2024 Business Card Challenge: BAUDI/O For The Audio Hacker

[Simon B] enters our 2024 Business Card Challenge with BAUDI/O, a genuinely useful audio output device. The device is based around the PCM2706 DAC, which handles all the USB interfacing and audio stack for you, needing only a reference crystal and the usual sprinkling of passives. This isn’t just a DAC board, though; it’s more of an audio experimentation tool with two microcontrollers to play with.

The first ATTiny AT1614 is hooked up to a simple LED vu-meter, and the second is connected to the onboard AD5252 digipot, which together allows one to custom program the response to the digital inputs to suit the user. The power supply is taken from the USB connection. A pair of ganged LM2663 charge-pump inverters allow inversion of the 5V rail to provide the necessary -5 V for the output amplifiers.  This is then fed to the LM4562-based CMoy-type headphone amplifier.  This design has a few extra stages, so with a bit of soldering, you can adjust the output filtering to suit. An LM1117 derives 3.3 V from the USB input to provide another power rail,  mostly for the DAC.

There’s not much more to say other than this is a nice, clean audio design, with everything broken out so you can tinker with it and get exactly the audio experience you want.

6 thoughts on “2024 Business Card Challenge: BAUDI/O For The Audio Hacker

  1. Sorry i fail to understand how useful it as as a “audio experimentation tool”.
    The AT1614 used as VU-meter ?
    Or the second micro used to control the input level ?
    It’ s just a plain USB soundcard….

    1. So one experimentation part of it is that you can chain another DAC via i2s or spdif if you want an easy way to hook up one to the chain, via the i2s and spdif breakout. Or whack an LED on the SPDIF and shovel it into an input on another device, or hook it all up to a scope to learn about digital audio signals.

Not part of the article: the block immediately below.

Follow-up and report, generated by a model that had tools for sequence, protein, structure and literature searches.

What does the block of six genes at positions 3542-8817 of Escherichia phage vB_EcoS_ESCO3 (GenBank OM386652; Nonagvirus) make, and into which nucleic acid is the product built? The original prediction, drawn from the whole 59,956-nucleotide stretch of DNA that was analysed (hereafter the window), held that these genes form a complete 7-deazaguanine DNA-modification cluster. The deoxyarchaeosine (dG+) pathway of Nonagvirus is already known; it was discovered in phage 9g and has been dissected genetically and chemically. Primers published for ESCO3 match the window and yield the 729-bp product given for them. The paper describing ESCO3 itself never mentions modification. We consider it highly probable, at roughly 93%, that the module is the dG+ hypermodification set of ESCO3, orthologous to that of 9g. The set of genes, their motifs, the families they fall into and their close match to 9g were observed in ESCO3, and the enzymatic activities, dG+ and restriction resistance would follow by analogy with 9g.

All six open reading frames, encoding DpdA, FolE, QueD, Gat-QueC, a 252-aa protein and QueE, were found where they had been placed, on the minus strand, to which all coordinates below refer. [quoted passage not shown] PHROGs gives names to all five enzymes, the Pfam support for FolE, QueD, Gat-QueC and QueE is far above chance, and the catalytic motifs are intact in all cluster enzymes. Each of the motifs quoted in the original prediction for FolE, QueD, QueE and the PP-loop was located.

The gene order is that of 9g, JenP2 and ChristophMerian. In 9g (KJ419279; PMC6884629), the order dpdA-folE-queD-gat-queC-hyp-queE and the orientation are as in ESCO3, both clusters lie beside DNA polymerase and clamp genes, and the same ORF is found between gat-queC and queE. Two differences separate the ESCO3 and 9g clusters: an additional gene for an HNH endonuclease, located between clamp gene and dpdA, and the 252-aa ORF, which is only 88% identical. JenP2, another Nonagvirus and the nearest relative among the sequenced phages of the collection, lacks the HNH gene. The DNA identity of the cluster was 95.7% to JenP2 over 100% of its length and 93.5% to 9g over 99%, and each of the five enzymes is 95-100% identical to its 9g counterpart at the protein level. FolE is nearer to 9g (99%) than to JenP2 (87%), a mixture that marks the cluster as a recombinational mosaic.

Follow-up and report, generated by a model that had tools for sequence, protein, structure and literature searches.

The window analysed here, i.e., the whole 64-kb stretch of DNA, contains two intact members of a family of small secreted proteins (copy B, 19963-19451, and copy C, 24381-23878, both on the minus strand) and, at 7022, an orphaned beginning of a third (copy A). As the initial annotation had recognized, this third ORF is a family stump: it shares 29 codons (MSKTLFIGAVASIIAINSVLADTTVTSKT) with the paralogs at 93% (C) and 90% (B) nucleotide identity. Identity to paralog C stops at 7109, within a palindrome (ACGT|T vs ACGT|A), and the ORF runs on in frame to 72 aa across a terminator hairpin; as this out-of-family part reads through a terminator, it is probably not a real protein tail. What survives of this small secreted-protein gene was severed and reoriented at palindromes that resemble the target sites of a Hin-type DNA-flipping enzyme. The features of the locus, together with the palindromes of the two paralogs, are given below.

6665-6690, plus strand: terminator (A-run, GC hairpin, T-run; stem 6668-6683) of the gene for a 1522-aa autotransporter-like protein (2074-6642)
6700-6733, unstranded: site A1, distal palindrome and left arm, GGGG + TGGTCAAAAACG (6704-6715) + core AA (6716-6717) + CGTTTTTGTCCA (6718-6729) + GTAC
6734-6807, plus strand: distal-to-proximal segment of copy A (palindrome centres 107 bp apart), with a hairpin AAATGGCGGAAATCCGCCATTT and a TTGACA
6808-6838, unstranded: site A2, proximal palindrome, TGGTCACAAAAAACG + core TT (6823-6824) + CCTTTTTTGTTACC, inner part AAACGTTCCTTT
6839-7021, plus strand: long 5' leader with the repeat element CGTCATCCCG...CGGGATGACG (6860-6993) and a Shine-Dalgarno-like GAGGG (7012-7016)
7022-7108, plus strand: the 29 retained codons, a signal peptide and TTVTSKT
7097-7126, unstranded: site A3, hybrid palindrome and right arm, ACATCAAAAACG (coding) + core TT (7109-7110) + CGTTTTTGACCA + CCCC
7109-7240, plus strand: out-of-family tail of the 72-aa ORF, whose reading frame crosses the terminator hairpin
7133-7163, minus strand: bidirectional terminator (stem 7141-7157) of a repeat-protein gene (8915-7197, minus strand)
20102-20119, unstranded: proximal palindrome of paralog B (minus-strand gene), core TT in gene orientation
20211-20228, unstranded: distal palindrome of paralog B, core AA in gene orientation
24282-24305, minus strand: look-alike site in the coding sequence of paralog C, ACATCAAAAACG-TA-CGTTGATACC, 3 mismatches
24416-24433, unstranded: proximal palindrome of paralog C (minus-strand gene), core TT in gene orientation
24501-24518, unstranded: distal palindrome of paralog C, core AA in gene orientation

Next you have an attiny which exposes 10 pins including i2c on the volume control, so you can implement remote control via IR or whatever you wanted, gestures, motion sensors, etc. Movement activated audio anyone ?

      The cmoy stage is documented heavily on the github pages, allowing experimentation with gain settings, HPF, etc. There’s also no reason to follow the suggested op-amp choice, so for those that like op-amp rolling they can play – gives an oportunity to test out various combinations of first and second stage op-amp models and vendors.

      The second attiny is hooked up to the hot signal line, which lets you experiment with ADC sampling, or driving an external LCD display with a VU meter. By having two of them, you can take the output of one as the input to the first, making it self-controlling volume limiter.

      So it’s designed so that you can build it into stages – if you just want to play around with a headphone amplifier, you can, skipping the DAC part and the volume control, and the second stage amplifier on the output.

      You can also use it as a simple line-in, by toggling the jumpers on the board, if you wanted to focus on how the LPF/HPF filters work.

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